Her second example was Come Out for LGBT, an incredibly brave campaign for Stonewall. It was immensely difficult to bring a nervous client along with the thinking as Come Out is such a provocative idea. The aim was to get people who don’t do anything about the issue to get involved. So what they did was to keep presenting work from different points of view, involving groups who wouldn’t normally have anything to do with it, like General Sanders of the British Army.

 

The campaign was such a potent idea that everyone involved contributed for free, to push it through.

 

Our final Speaker was Jim Carroll, eternal strategist and former UK Chairman of BBH. Jim chose to headline his thinking as Five Powers. Nice.

 

1. The Power of Empathy

 

He began with with three important lessons.  As planners we are often ‘right’ but if we only occupy our own corner of rectitude and fail to convince anyone else it’s all a bit pointless. You need to to get to the ‘right’ answer of course, but we are in the persuasion business and persuasion is a precious and rarer skill.

 

Remember the sales pitch is not about you, it’s about them. So it’s your client you have to really understand.

 

And finally there is a natural rhythm to a pitch. Most sales follow that rhythm. So use it.

 

 

2. The Power of Reduction

 

We Planners have an unfortunate tendency to try and exhibit our intelligence by making things complex. Great Planners reduce complicated ideas to aphorisms. Jim told the story of the first BBH campaign for Haagen Dazs; how the agency built on the product story of ‘Dedicated to Perfection’ with a brand story of ‘Dedicated to pleasure’ – a brilliant example of a few simple words inspiring years of enjoyably effective advertising. Ditto the Axe/Lynx aphorism which defined years of successful and highly entertaining advertising: 'It’s your best first move, not a guarantee of success'.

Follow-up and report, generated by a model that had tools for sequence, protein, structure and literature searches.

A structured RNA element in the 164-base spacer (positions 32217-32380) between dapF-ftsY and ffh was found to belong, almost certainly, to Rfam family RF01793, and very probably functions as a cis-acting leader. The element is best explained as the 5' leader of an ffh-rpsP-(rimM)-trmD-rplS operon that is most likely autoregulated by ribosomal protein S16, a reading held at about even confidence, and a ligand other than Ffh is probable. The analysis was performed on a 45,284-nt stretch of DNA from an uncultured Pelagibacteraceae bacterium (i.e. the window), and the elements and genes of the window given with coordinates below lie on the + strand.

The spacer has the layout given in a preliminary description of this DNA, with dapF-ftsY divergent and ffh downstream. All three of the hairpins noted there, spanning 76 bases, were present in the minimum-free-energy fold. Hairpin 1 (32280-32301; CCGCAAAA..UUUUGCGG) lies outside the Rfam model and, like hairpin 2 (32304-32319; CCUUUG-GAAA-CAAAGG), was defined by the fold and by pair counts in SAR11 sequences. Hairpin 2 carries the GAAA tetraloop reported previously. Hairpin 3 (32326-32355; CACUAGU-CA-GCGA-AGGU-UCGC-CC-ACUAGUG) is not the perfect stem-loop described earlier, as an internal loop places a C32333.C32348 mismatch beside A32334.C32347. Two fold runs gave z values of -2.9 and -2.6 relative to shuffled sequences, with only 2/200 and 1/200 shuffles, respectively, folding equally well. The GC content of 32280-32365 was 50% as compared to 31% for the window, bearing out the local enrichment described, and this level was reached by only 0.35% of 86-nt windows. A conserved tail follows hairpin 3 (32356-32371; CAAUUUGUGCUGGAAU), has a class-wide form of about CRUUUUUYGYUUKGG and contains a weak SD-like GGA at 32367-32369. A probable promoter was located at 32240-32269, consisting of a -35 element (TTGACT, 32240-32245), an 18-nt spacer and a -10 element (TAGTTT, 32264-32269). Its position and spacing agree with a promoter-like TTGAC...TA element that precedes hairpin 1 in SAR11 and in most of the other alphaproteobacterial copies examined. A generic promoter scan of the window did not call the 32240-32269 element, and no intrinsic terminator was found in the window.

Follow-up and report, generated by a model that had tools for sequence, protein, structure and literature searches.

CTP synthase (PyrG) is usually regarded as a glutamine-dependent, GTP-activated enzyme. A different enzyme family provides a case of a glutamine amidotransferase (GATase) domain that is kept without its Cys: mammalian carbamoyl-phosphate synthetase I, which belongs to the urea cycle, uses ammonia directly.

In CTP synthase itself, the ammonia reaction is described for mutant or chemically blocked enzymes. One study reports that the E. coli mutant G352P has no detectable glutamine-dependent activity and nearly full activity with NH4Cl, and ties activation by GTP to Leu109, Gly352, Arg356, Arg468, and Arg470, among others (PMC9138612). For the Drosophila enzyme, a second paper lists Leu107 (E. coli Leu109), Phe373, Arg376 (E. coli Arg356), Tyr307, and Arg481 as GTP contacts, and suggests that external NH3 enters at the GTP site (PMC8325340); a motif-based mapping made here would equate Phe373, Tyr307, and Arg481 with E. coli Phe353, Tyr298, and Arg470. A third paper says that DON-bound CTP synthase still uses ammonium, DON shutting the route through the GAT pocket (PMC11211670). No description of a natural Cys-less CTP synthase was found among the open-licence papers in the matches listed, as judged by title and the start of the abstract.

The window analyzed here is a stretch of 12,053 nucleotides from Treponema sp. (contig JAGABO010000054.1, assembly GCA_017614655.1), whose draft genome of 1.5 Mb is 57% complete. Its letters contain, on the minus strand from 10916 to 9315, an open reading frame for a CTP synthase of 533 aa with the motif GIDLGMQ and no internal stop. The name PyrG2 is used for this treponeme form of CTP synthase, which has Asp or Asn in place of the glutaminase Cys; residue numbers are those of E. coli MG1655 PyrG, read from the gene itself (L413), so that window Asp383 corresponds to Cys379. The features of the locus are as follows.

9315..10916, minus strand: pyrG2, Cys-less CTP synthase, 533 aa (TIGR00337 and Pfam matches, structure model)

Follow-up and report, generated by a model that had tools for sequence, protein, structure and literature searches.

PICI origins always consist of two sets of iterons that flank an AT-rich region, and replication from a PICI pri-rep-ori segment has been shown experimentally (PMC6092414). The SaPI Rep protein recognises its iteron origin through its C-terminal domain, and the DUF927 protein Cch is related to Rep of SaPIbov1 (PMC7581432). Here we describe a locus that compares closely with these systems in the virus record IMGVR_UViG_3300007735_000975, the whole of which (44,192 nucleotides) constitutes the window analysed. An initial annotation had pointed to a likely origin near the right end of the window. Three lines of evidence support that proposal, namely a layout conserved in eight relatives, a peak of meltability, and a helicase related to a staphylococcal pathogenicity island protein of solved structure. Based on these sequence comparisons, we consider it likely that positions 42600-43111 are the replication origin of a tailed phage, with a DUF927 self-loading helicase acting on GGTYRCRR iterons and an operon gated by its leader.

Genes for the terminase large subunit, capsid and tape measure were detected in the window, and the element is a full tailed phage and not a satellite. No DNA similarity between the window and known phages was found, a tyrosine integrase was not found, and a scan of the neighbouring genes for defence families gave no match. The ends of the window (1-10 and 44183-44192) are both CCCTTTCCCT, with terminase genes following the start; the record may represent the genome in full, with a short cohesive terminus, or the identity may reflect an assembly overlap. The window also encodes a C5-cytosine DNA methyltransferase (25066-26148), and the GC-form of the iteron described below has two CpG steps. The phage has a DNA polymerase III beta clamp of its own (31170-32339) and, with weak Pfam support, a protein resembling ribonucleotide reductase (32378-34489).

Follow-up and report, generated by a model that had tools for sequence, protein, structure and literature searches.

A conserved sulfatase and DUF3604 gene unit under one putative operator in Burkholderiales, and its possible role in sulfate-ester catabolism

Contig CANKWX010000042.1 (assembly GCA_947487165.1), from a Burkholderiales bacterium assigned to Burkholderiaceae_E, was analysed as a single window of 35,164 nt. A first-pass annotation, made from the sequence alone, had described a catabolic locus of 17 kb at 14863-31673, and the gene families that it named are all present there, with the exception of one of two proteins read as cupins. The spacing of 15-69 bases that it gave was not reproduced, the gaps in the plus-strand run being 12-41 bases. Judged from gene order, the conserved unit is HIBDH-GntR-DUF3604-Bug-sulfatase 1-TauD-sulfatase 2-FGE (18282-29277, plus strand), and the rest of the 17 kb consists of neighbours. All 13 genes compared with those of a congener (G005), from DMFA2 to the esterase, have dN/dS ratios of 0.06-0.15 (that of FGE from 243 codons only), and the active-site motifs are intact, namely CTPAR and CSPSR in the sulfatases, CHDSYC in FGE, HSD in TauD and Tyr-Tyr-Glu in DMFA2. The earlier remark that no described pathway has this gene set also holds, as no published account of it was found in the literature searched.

3. The Power of Visualisation

 

It was a pitch for Shell Oil. The planner chose to develop a ‘Strategic Refinery’ for the pitch, using a visual of an actual refinery, showing how different positioning’s worked for the brand.

 

4. The Power of Theatre

 

If you can demonstrate theatrically your idea or proposition, it goes a long way to making the sale. In the original pitch for Polaroid cameras, BBH wanted to understand more about the difference between Polaroid and 35mm cameras. So they sent people out to weddings and asked them to take phots with both, and analysed the results. The Polaroid photos were spontaneous and expressive, where the 35mm shots were posed and this helped them carve out a really distinctive poisoning and campaign idea for the brand.

 

Another theatrical demonstration was on a pitch for milk; so familiar to us all that we never think of it as a beautiful, white, natural drink. So the team re-branded it as KIML and filmed responses to this new drink in shopping centres. That simple reversal created awe in place of boring familiarity.

 

5. The Power of Persuasion

 

Finally getting to the nub of the brief, Jim offered a couple of final and immensely useful bits of advice

  • Don’t be afraid to have mature conversations with your clients, even being prepared to calibrate potential risk. Negativity can be a handy tool. It gets them on side and helps them to take emotional responsibility for their decisions.

  • Sometimes we just all care too much. You can be too servile. Be prepared to walk away.

In the words of the great Kenny Rogers

 

‘You've got to know when to hold 'em, know when to fold 'em,

 

Know when to walk away, know when to run’.

 

That’s enough advice. Ed.